OpinionTrending Commentary

All I Want For Christmas Is A 2% Interest Rate


After the most expensive Thanksgiving ever, the financial pressure on Americans isn’t letting up. While retailers are enticing customers with the usual Black Friday deals, many Americans don’t have the cash to afford even what’s on sale. They’ll be borrowing to do their Christmas shopping, at a time when credit-card interest rates are at a record high and delinquencies are rising at the fastest rate in over a decade.

Bidenomics is the reason why credit card debt today is over $1 trillion for the first time ever, even amid punishingly high interest rates. In pursuing the far-left goals of the Biden administration, the government spent, borrowed, and printed trillion of dollars, spawning 40-year high inflation. As prices rose much faster than wages, people’s purchasing power, or what they can buy with their earnings, plummeted.

To make ends meet, Americans resorted to buying necessities, like groceries, with credit cards.

Then, to combat the inflation it helped cause, the Federal Reserve increased interest rates at the fastest pace in decades, and that compounded the pain for many Americans by increasing borrowing costs. Between the lost purchasing power and higher interest rates, it’s as if the typical American family’s annual income has been slashed by $7,300.

With no savings left, Americans are poised to go further into credit card debt to do their Christmas shopping.

But higher interest rates on consumers isn’t even the right way to fight inflation. Instead, the Treasury Department needs to spend, and therefore borrow, less while the Fed sells off its US Treasuries much faster. The growth of government spending is what caused the problem, and reducing government spending will fix it.

Sadly, the Fed has chosen to strangle the private sector for capital while the Treasury continues its breakneck pace of borrowing. The result has been a dramatic rise in interest rates for consumers and businesses, thereby increasing borrowing costs on all kinds of credit – investment loans, credit cards, auto loans, student loans, and especially mortgages.

The rise of interest rates on a 30-year mortgage from about 2 percent to nearly 8 percent has drastically increased the cost of owning a home. Between higher interest rates and inflated home prices, the monthly mortgage payment on a median price home has more than doubled under Mr. Biden. It now costs over $13,000 more—per year—for the same house.

The dream of homeownership has turned into a nightmare for countless Americans. According to the Federal Reserve Bank of Atlanta, there are only three major metropolitan areas in the entire country where the median price home is considered affordable.

For those who locked in a low mortgage rate before Bidenomics ravaged the country, they are reaping the benefits of the last administration’s economic policies. For them, a mortgage is a path to building wealth and the equity in their homes is a valuable reserve of liquidity that can be accessed with a home-equity loan in case of emergency. That’s not the case for someone trying to get a mortgage today.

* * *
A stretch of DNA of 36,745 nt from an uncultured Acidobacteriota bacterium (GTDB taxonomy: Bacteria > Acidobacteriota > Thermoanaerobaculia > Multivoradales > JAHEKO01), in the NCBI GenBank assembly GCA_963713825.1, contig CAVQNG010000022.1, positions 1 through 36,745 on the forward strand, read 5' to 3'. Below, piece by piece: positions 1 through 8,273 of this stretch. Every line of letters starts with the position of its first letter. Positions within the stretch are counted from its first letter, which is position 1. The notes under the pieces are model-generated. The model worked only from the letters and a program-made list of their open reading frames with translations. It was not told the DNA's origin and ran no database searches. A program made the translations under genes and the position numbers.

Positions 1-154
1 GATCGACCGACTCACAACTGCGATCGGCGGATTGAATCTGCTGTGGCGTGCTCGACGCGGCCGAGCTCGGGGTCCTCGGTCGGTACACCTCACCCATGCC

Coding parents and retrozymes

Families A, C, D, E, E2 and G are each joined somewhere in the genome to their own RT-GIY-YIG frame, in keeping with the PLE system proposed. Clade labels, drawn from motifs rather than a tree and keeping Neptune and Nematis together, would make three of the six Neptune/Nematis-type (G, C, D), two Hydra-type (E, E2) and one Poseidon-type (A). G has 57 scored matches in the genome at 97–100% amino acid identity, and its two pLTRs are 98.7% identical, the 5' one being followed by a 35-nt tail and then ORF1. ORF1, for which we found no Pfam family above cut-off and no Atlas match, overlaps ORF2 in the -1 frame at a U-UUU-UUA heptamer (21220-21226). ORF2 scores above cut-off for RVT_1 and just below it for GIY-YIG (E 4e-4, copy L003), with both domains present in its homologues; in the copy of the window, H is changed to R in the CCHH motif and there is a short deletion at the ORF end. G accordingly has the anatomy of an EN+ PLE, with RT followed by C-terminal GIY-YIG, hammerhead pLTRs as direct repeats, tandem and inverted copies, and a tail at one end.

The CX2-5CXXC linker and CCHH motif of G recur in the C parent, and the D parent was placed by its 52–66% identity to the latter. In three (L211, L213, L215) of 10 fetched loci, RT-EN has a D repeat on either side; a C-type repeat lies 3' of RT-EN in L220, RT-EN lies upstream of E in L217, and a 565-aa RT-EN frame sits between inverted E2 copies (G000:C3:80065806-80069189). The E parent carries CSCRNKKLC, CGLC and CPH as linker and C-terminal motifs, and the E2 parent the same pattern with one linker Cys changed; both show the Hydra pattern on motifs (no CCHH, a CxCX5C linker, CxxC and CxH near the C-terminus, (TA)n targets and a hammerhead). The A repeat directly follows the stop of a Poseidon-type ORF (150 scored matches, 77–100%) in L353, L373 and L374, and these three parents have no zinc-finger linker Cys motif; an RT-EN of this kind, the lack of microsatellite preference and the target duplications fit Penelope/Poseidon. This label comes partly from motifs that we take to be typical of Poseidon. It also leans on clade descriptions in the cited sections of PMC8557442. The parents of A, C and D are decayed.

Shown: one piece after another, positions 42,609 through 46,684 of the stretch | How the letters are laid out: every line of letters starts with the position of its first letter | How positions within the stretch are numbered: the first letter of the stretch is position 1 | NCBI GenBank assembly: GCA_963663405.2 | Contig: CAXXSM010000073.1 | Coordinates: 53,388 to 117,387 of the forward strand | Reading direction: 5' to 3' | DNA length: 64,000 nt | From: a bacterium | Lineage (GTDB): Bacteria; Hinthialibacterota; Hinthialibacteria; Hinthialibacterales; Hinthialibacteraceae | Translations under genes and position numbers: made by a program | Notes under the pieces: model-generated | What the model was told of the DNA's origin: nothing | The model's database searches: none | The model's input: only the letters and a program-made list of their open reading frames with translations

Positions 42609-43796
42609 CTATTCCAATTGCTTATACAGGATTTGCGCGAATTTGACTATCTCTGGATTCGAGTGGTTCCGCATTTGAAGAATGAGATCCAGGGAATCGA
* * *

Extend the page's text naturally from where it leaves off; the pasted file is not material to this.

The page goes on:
Similarly, credit cards can serve as an important lifeline when people find themselves unprepared for a large expense, such as a medical bill or when a large appliance needs to be replaced. The lower interest rates on credit cards four years ago meant that Americans could pay off their debts with much less pain.

But credit-card interest rates are at a record high today, so it is far easier to fall into a debt spiral where monthly financing charges alone exceed what the account holder can pay towards the card. That causes the outstanding balance to grow, even if no more purchases are made on the credit card.

For many American consumers and businesses alike, the best gift they could receive this year would be lower interest rates. Alas, that is highly unlikely given the Biden administration’s continued pursuit of its far-left agenda and a Fed that doesn’t understand monetary policy.

Until there are major changes in Washington, the Grinch of higher interest rates will continue dampening Americans’ holiday spirit. But at least the Grinch had the decency to only rob from people around Christmas—these higher interest rates extend the pain to the whole year round.

E.J. Antoni is a public finance economist at the Heritage Foundation and a senior fellow at Committee to Unleash Prosperity.

The views and opinions expressed in this commentary are those of the author and do not reflect the official position of the Daily Caller News Foundation.


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